By Paul Williams
Simply the best
Wales have played some good rugby during the modern era, the performances of the Grand Slam years being the most obvious, but Saturday’s display arguably ranks as the best. There were no ‘Hollywood’ offloads, lucky bounces or fortuitous interceptions. Wales dominated England for 80 minutes, in every aspect of the game, and every single Welsh player outshone their opposite number. Wales secured 63% possession and 65% territory. Wales were unstoppable at the scrum and had a tackle completion of 92%. They denied the opposition a try for the fourth game in succession and conceded just seven penalties in the process. Feed me ‘til I want no more rang out around the stadium on Saturday and this time it had a special significance – the Welsh fans had their appetite for quality rugby sated and it tasted superb.
Ferocious front row
Front-row forwards rarely get the credit they deserve. Particularly in Wales, where more delicate skill-sets are often lauded. That isn’t the case after Saturday’s game. The Welsh front row were tremendous. Adam Jones, Richard Hibbard, Gethin Jenkins, Paul James and Ken Owens tortured the English front three – at times it contravened the Geneva Convention. Stuart Lancaster was even forced to hook Joe Marler off after just 44 minutes. But whilst the Welsh front row’s scrummaging was thoroughly old school, their performances around the field were very new school. Hibbard’s carrying and tackling was destructive and both Jenkins and Owens had very sticky fingers at the breakdown. Wales v England had been billed as the final audition for the Lions tour. If true, some of Wales’ front row are guaranteed a callback.
The Welsh back row didn’t really look Welsh against England – it looked Kiwi. Toby Faletau, Sam Warburton and Justin Tipuric raised the standard of Welsh back-row play to another level. It was a lesson in selecting modern lightweight forwards with an emphasis on speed as well as technical ability. Last week’s big question was Warburton ‘or’ Tipuric – as it happens the answer may be Warburton ‘and’ Tipuric. They complemented each other perfectly. Having two sevens on the field meant that even when one was on the floor, the other was often on his feet. The benefits of always having one of your fastest, most skilful, forwards on their feet at all times was demonstrated in Alex Cuthbert’s second try. Warburton’s explosive pace and power started it and Tipuric’s majestic skill-set did the rest – a Test centre would have been proud to run his line. The Warburton v Tipuric issue isn’t one that Wales have to worry about – the rest of the world’s Test-playing nations maybe should.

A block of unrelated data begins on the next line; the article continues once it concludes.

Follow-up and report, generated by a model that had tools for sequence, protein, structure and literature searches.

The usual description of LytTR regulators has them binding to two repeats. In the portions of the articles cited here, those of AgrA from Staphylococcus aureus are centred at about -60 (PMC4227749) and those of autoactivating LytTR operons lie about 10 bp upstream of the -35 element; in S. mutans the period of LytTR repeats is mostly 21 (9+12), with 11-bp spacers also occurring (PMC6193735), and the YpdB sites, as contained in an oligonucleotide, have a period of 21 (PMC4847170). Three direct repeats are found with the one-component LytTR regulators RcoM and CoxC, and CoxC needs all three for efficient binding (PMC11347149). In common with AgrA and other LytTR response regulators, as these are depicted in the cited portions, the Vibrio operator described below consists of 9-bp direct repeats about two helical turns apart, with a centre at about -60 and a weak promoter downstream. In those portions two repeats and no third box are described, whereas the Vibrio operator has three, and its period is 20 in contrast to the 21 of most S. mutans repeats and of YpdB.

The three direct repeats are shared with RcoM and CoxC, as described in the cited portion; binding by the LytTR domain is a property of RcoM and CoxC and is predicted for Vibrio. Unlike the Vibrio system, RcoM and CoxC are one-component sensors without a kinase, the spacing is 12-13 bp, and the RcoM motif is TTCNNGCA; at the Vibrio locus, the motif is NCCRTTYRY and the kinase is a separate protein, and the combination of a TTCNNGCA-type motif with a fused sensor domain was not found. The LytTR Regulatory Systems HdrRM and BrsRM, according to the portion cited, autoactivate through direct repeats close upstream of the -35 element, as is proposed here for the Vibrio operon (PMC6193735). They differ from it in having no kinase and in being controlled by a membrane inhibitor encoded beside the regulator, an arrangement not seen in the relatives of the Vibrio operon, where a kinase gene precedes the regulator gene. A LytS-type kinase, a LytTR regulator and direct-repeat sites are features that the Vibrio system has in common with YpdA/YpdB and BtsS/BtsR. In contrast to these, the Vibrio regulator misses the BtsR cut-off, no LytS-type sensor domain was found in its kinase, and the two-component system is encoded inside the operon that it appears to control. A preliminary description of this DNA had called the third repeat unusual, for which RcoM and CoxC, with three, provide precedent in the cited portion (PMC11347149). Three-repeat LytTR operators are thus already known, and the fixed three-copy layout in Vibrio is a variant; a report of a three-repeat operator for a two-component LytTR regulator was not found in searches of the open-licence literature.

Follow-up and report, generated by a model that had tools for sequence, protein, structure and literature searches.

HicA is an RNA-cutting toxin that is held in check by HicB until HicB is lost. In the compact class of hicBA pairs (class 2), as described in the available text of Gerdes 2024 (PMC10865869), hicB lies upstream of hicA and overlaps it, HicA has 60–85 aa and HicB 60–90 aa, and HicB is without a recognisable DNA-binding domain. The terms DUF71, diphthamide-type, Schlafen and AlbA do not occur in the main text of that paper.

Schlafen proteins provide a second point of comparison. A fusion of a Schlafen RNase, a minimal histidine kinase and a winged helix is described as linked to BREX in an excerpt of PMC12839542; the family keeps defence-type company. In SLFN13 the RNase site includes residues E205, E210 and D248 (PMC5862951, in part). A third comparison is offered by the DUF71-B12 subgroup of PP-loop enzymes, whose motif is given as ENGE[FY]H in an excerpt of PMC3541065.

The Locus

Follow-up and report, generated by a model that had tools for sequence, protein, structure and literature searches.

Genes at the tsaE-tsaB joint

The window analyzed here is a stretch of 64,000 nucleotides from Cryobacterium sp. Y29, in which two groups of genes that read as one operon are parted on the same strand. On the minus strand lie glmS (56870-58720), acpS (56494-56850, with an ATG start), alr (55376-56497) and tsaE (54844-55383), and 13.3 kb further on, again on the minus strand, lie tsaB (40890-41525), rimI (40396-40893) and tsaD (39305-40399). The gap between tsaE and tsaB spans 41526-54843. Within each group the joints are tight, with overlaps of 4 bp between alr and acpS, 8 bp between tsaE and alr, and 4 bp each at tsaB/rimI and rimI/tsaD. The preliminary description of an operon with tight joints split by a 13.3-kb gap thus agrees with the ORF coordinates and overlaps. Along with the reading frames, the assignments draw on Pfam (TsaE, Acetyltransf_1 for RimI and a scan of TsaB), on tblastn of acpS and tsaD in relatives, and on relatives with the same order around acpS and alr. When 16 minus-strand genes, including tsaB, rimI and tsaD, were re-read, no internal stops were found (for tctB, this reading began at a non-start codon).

Big bang theory
In truth the Welsh back-line had been quiet in the opening four games. Kicking-based game plans had dictated they perform a more defensive role and use their size to make tackles. Against England, their size was used to break tackles. Between them the Welsh back-line beat 12 defenders – the entire English squad of 23 beat only nine. Cuthbert, George North, Jamie Roberts and Mike Phillips, in particular, wreaked havoc – double tackling a necessity not an option with them. The size of the Welsh backs was particularly evident when Wales executed energy-sapping ten-phase sets in England’s 22m area. Unlike other teams in the Six Nations the Welsh backs offer little relief when the ball is passed out wide. But for all of the physicality of North, Roberts and Phillips, it was Cuthbert’s surgical finishing that stole the show – and rightly so. Tackle bounces for show. Tries for dough.
Many have been quick to blame the Welsh coaching set-up in recent months. Rob Howley’s right to coach the Welsh team and his selections have been questioned, whilst Shaun Edwards’s reliance on the blitz was criticised when Wales’ defensive performance slipped during the first half against Ireland. However, if the criticism must be heavy, then so must be the praise. Howley and Edwards et al have done a tremendous job during the last few weeks. Having shipped three tries in 42 minutes against Ireland, Wales haven’t conceded another during 358 minutes of rugby. Wales’ scrummage has dismantled both the Italian and English packs – both of whom take pride in their set-piece. They have beaten Scotland, Italy and France away from home and destroyed a much fancied England team. But most importantly the Welsh coaching staff have reinstalled a sense of pride and optimism in Welsh rugby – something that had been noticeable absent prior to the Six Nations. The regional game may be in tatters, the player drain continues and the financial situation in Wales remains a concern – yet Wales are champions of the northern hemisphere once again. Rob Howley, Shaun Edwards and Robin McBryde – take a bow.
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